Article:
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Scratch Blocks is designed to easily install into any web application. The blocks are 100% client-side, requiring no support from the server. There are no 3rd party dependencies and everything is open source.
If you are using the library in another project, you can also install it with npm:
npm install --save-dev scratch-blocks
Before testing with the "Playground" or running any demos, you'll need to ensure that you have Google's Closure Library installed. The closure library is included as a dev dependency so you can install it with a symlink:
ln -s $(npm root)/google-closure-library ../closure-library
If you run into any trouble with this step, or see the following dialog please refer to Google's Blockly documentation.
npm install, which will install the closure library and build the assets used in the playground.
Once you have the code, point your browser at
tests/horizontal_playground.html and verify that blocks can be dragged around. In addition to being the "hello world" test for Scratch Blocks, the playgrounds are also useful for testing more advanced features including event handling, right-to-left (RTL), and stack highlighting.
Configuration of the workspace is mostly the same between Blockly and Scratch Blocks but is subject to change as the project continues to develop. Below is a list of configuration options that we are likely to continue to support:
||If true, uses the horizontal grammar for displaying blocks. Defaults to false.|
||If true, mirror the editor (for Arabic or Hebrew locales). Defaults to false.|
||Path from page (or frame) to the Scratch Blocks media directory.|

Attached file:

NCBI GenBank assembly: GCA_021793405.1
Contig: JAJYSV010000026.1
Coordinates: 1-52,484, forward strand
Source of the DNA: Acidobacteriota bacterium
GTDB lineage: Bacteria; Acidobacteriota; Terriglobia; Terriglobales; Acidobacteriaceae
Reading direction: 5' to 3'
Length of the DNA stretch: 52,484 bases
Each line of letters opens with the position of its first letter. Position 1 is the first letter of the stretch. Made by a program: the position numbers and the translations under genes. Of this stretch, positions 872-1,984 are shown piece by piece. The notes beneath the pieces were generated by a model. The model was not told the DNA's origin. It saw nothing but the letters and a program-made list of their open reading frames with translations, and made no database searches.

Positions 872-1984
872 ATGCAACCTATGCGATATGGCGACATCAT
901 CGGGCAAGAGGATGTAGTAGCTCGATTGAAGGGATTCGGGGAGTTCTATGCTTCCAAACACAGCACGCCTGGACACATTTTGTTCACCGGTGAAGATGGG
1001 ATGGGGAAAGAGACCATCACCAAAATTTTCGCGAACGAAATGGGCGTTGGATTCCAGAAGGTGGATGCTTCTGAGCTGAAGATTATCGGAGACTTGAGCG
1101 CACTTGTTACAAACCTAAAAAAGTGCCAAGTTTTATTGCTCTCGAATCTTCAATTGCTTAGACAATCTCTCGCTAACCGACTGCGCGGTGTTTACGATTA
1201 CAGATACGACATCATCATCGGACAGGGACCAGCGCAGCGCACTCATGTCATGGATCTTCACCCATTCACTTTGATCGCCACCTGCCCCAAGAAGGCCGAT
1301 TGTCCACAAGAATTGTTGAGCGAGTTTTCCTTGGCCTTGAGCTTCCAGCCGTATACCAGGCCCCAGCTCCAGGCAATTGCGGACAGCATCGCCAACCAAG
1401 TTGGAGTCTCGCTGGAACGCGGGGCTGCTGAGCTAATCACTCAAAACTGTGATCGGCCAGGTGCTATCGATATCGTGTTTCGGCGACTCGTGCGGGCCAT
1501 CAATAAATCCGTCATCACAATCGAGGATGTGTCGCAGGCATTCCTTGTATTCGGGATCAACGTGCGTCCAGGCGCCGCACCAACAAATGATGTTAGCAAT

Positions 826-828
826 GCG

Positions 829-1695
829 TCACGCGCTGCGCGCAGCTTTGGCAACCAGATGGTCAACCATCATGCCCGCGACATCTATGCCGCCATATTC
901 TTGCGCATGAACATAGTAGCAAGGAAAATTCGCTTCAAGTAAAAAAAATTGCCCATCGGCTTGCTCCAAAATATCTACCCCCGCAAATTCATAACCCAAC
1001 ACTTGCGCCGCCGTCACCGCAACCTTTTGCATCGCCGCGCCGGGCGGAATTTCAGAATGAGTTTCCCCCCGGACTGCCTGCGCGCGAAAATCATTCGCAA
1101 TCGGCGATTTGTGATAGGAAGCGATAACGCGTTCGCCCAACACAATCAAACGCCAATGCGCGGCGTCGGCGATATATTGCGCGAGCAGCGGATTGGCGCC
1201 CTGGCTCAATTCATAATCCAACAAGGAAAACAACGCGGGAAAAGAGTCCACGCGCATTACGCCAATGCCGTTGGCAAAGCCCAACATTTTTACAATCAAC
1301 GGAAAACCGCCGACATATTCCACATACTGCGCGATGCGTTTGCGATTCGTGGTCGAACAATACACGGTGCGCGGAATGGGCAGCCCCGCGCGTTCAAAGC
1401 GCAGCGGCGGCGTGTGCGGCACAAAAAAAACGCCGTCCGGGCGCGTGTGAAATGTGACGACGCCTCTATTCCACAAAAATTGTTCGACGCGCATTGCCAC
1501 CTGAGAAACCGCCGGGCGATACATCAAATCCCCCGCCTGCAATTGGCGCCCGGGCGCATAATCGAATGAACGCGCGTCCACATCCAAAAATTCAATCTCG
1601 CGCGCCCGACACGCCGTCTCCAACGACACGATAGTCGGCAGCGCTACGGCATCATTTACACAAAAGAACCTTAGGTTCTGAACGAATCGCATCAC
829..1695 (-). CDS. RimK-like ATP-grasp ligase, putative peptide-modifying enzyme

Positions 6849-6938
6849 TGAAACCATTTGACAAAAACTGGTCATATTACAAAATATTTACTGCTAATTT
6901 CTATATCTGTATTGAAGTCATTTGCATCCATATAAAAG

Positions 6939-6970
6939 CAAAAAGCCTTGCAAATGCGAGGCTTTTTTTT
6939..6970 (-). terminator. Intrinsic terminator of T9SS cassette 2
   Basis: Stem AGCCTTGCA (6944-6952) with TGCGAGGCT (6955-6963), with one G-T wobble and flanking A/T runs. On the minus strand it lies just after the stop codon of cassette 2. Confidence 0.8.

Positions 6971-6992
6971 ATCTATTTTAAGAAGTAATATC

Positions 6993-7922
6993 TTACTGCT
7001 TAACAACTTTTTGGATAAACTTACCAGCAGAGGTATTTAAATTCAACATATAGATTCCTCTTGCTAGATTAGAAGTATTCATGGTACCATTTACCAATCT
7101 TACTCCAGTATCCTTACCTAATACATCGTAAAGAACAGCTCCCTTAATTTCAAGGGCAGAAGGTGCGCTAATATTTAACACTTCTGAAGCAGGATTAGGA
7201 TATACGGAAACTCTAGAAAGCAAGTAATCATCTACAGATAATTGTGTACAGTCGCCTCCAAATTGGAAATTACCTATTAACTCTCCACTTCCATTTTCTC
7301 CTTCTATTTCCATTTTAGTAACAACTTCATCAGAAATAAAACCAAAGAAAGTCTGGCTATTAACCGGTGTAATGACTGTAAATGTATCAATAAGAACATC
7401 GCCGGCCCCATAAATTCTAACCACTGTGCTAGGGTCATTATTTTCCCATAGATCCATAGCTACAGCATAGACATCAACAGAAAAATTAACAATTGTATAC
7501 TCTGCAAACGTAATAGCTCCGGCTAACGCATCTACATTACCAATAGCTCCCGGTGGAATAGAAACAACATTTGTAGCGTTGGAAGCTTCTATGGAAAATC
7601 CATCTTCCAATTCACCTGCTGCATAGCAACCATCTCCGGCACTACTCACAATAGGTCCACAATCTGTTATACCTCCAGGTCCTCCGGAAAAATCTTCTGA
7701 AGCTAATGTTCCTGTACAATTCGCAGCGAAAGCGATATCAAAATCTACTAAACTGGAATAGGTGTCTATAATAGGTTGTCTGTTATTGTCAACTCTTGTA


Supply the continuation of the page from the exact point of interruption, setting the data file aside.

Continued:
||Sets whether the workspace is scrollable or not. Defaults to true if the toolbox has categories, false otherwise.|
||If false, don't play sounds (e.g. click and delete). Defaults to true.|
||Configures zooming behavior. See zoom API details.|
Before sharing with users, we recommend that you build and compress Scratch Blocks. It's possible to build locally or using Google's online Closure Compiler. If the build system detects that it can build locally it will do so, and otherwise it will try to build remotely.
The requirements for local and remote builds are as follows:
|Local Build||Remote Build|
|Python 2||Python 2|
|Java JRE or JDK||Internet Connection|
A Java runtime may be installed on your system already; you can test by typing
java in your console. If not, it can be downloaded here. Depending on your system there may also be alternative JREs or alternative installation methods available.
An Internet connection is also needed the first time you build, even for a local build, so that NPM can download necessary Node.js modules.
Once you are ready, you can build by running the following in your console:
This will export multiple files including:
blockly_uncompressed_vertical.js blockly_uncompressed_horizontal.js blockly_compressed_vertical.js blockly_compressed_horizontal.js blocks_compressed.js msg/js/en.js
These can then be used in your project by updating the HTML of your application:
<script src="blockly_compressed_horizontal.js"></script> <script src="blocks_compressed.js"></script> <script src="msg/js/en.js"></script>